A World of Opportunity

International Students Discover a Home Away from Home at Yeshiva University

“One of the most important aspects of college is diversity,” explained David Levy, a Yeshiva College student, who, along with Eddie Nuvakhov of Syms School of Business, produced The Community, a short documentary about international students on Yeshiva University’s Wilf Campus.

httpv://www.youtube.com/watch?v=h5RBpDQh0BA

During a Shabbat meal on campus a few months ago, the two realized that the 11 people seated at their table originated from nine different countries. “We knew then that we had to show the greater YU population the unique community that exists on our campus,” said Nuvakhov, originally from Russia.

As of spring 2011, Yeshiva University’s entire undergraduate population consists of approximately 250 international students on both campuses from some 25 countries around the world. These countries range from Italy, Panama and Brazil to Canada, Tunisia and Uzbekistan.

“I never heard of Stern College for Women before,” said Tsipora Husiman, who hails from the Netherlands. “But during a visit to the States, I sat in on a biology class and a Jewish class and was really impressed that they were both on such high levels. It was really cool to be in a Jewish institution after having grown up in Amsterdam, a place without many Jews.”

Huisman found the Writing Center on the Beren Campus to be helpful in her transition, as well as her various advisers and teachers. “The teachers here treat you as a person and not as a number.” In Huisman’s three years at Stern College, she has not only become a fluent English speaker but has also been a member of the tennis team, a peer mentor, a student ambassador for orientations and open houses, a Beren campus tour guide and a two-time winner of YU’s science poster board competition.

“When I first came, I didn’t speak the language and didn’t know anyone,” said Husiman. “Now I have tons of friends, am doing well in my studies and am applying to medical school. I’m not only happy here; I feel comfortable and grounded.”

Sasan Peimani, a business management major at Syms School of Business, escaped Iran with his family when he was 10 years old. “Being a religious Jew and getting a good education in Iran was a very difficult thing to do,” said Peimani. “As a result, my parents decided that it was time for us to move to America so we can start a new life filled with happiness and freedom.”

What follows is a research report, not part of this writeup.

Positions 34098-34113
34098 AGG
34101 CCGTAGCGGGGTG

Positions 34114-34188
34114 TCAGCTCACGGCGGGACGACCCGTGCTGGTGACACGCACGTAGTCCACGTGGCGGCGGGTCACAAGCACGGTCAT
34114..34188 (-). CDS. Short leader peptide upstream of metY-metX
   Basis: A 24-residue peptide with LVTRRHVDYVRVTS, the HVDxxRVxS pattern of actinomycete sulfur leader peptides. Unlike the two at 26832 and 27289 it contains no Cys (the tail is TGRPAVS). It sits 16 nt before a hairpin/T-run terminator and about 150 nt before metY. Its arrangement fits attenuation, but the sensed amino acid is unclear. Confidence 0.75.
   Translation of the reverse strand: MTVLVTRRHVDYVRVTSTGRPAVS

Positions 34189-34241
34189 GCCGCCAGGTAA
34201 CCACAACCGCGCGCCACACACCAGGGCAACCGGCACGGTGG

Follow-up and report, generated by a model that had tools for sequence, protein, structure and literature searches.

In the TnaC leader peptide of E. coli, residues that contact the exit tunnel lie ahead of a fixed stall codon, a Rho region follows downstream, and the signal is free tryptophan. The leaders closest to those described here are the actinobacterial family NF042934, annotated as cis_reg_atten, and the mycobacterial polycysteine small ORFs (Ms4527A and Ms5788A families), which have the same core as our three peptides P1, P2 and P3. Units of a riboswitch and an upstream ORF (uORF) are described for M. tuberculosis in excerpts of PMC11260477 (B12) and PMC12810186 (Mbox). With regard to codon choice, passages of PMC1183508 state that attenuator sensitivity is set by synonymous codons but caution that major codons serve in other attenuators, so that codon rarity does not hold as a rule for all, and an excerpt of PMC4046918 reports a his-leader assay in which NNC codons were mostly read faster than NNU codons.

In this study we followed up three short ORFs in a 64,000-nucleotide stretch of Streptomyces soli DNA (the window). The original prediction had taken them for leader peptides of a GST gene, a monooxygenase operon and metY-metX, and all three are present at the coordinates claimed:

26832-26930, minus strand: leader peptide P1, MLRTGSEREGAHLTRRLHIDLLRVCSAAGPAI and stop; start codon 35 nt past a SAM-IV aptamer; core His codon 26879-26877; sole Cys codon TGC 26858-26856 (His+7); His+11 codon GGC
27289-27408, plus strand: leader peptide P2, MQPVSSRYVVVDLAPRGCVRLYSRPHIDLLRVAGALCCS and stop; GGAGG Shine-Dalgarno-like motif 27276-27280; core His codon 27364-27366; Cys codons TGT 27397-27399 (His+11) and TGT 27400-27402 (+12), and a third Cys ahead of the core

After the family moved to Florida, Peimani met Rabbi Kenneth Brander, the David Mitzner Dean of YU’s Center for the Jewish Future, who was then rabbi of the Boca Raton Synagogue. After several discussions with Rabbi Brander, Peimani opted to attend YU. “One of my favorite parts about Yeshiva is all of the great friends I have made–friends who I know will be my close friends for many years to come,” said Peimani.

Recruited from Kfar Saba, Israel, for the YU men’s basketball team, the Maccabees, Chen Biron was similarly appreciative of the friends he has made at YU. “I’m happy that there are good people around me because that’s what is most important,” said Biron, a veteran of the Israel Defense Forces and current Syms School of Business student, majoring in international business.

As an Israeli, Biron found aspects of YU with which he was easily able to identify. “My favorite part about YU, aside from the basketball games, is the chagigot [celebrations]. I love them. Even in Israel, I didn’t get that experience with everyone dancing with each other and the Israeli flag. It really warms my heart.”

Born and raised in Johannesburg, South Africa, Ayala Raichlin feels that being a student at Stern College has given her the opportunity to develop her passions. “I came to Stern for the academics, Torah and dance,” said Raichlin, a junior pursuing a possible career in dance therapy. “I was able to get involved in the Stern dance show my first semester and choreograph the Stern musical my second semester. I now head the dance show.”

Raichlin has not only become an active member in the Beren Campus community, she is also involved in the larger Jewish community as a regular volunteer for Chai Lifeline and working as an NCSY adviser for the New England chapter.

“Being at Stern has been a positive experience,” said Raichlin. “I’ve learned a lot about myself and what I can achieve. This environment gives you so many opportunities: volunteering in a hospital, choreographing and always meeting new people. YU has given me much more than I would have ever thought was possible.”

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